Laguna Beach updates tree removal and planting policy
Laguna Beach updated its policies regarding public tree removal and planting Tuesday, establishing a process for public input and notification.
Members of the public will be able to request for a tree to be planted and suggest the type of species to be included at a specified location.
The Laguna Beach City Council unanimously approved the new-look tree removal and planting policy following a presentation from city arborist Matthew Barker.
Once a request is made for a tree to be planted, a site assessment will be conducted by the director of public works, or their designee, who will determine whether the proposed location is suitable for a tree to be planted.
The findings should account for various criteria, including how close the tree to be planted would be to other trees, conflicts with infrastructure and potential impacts to sight lines that fall under the city’s record of views. Proposed tree plantings will be marked by a wooden stake with a yellow ribbon.
“Many factors figure into this critical selection such as recommendations made by council-adopted guidelines, proximity to other trees, neighborhood objections and potential conflicts with infrastructure, pedestrians [and] vehicular traffic,” Barker said.
Parties to be notified in the event of a recommendation for a tree to be planted include property owners within 500 feet of the site, who will be mailed notices.
The recommendation will also appear on the city’s website, and those on the interested parties subscription list will receive an email.
The policy also states that the city will contact properties not within 500 feet of the proposed location if they are in the record of views and their view could be significantly compromised.
“This process you’ve established is a pretty deliberate process,” Councilman George Weiss said.
“People are going to be informed. People can select. People can recommend removal if something’s in decline, so it’s a very open process where people can argue if … there are residents who oppose it based on view considerations.”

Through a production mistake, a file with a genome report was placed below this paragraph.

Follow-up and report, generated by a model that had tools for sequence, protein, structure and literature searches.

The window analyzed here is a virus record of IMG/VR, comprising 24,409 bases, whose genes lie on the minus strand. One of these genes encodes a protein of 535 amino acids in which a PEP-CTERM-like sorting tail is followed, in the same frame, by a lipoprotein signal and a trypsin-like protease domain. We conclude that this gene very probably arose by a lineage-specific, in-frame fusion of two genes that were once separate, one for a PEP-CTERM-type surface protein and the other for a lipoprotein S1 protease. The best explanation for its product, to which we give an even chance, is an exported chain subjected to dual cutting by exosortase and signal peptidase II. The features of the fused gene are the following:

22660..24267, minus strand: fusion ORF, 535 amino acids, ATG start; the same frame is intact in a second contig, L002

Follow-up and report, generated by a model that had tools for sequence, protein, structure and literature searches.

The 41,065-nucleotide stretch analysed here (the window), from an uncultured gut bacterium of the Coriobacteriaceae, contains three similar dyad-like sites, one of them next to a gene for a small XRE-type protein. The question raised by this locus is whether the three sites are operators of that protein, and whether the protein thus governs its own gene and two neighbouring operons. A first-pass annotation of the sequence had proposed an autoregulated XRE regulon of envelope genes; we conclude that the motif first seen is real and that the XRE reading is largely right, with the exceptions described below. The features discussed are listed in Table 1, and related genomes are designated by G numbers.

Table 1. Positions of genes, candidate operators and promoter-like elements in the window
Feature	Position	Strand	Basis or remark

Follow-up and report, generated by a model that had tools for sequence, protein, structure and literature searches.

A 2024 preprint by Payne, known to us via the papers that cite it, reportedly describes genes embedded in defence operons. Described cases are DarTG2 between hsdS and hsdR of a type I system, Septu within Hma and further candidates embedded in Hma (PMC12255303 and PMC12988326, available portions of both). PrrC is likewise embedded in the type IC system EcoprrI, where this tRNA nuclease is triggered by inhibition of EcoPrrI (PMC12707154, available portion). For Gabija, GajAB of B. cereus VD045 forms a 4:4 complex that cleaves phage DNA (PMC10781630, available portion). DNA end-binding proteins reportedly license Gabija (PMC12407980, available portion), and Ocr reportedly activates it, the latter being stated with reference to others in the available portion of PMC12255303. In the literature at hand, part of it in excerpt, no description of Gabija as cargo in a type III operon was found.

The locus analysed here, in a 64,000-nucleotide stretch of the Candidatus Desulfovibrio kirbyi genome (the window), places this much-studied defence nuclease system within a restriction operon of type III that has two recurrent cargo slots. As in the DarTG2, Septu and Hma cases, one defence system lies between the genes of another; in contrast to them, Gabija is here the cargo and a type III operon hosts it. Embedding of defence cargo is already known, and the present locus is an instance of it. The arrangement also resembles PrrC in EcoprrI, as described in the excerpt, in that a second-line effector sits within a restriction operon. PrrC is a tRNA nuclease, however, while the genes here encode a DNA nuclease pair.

Those impacted and interested will be notified whether there is consideration of a new tree to be planted or an existing tree is being replaced, Barker added.
Councilman Peter Blake referred to Laguna Beach as an ocean community, and he wanted to avoid planting trees that would block a view at any point in their growth cycle.
“My only concern on all this [is] any tree that would be planted would never have the ability to block a view, under any circumstances, even if we’re replacing a like tree,” Blake said. “If it were a tree that would, during its growth cycle, block a view in this town, that tree cannot be planted.”
The council ultimately decided to add language stating significant view impairment would be minimized when planting trees in new locations.
Public input on proposed tree plantings will be taken for 21 days, after which the city will furnish a final recommendation on the site and species that will appear on the city website.
Following the final recommendation, a council member shall have the opportunity to request that the tree planting appears on the agenda for the next City Council meeting.
If such a request is not made within two days of the recommendation, the tree may be planted.
The agenda item was considered on the day a storm rolled through with heavy rain and strong winds.
Sue Kempf, who became the newly appointed mayor at the start of the meeting, said she had safety concerns after a branch fell on a car in the city staff parking lot.
“I think you just need to be careful because every time we have a major tree failure, it’s usually a eucalyptus tree,” Kempf said.
“Like for like in some circumstances is fine, but if you’re going to replace a eucalyptus tree that fell over in the street, please don’t put another one in.”
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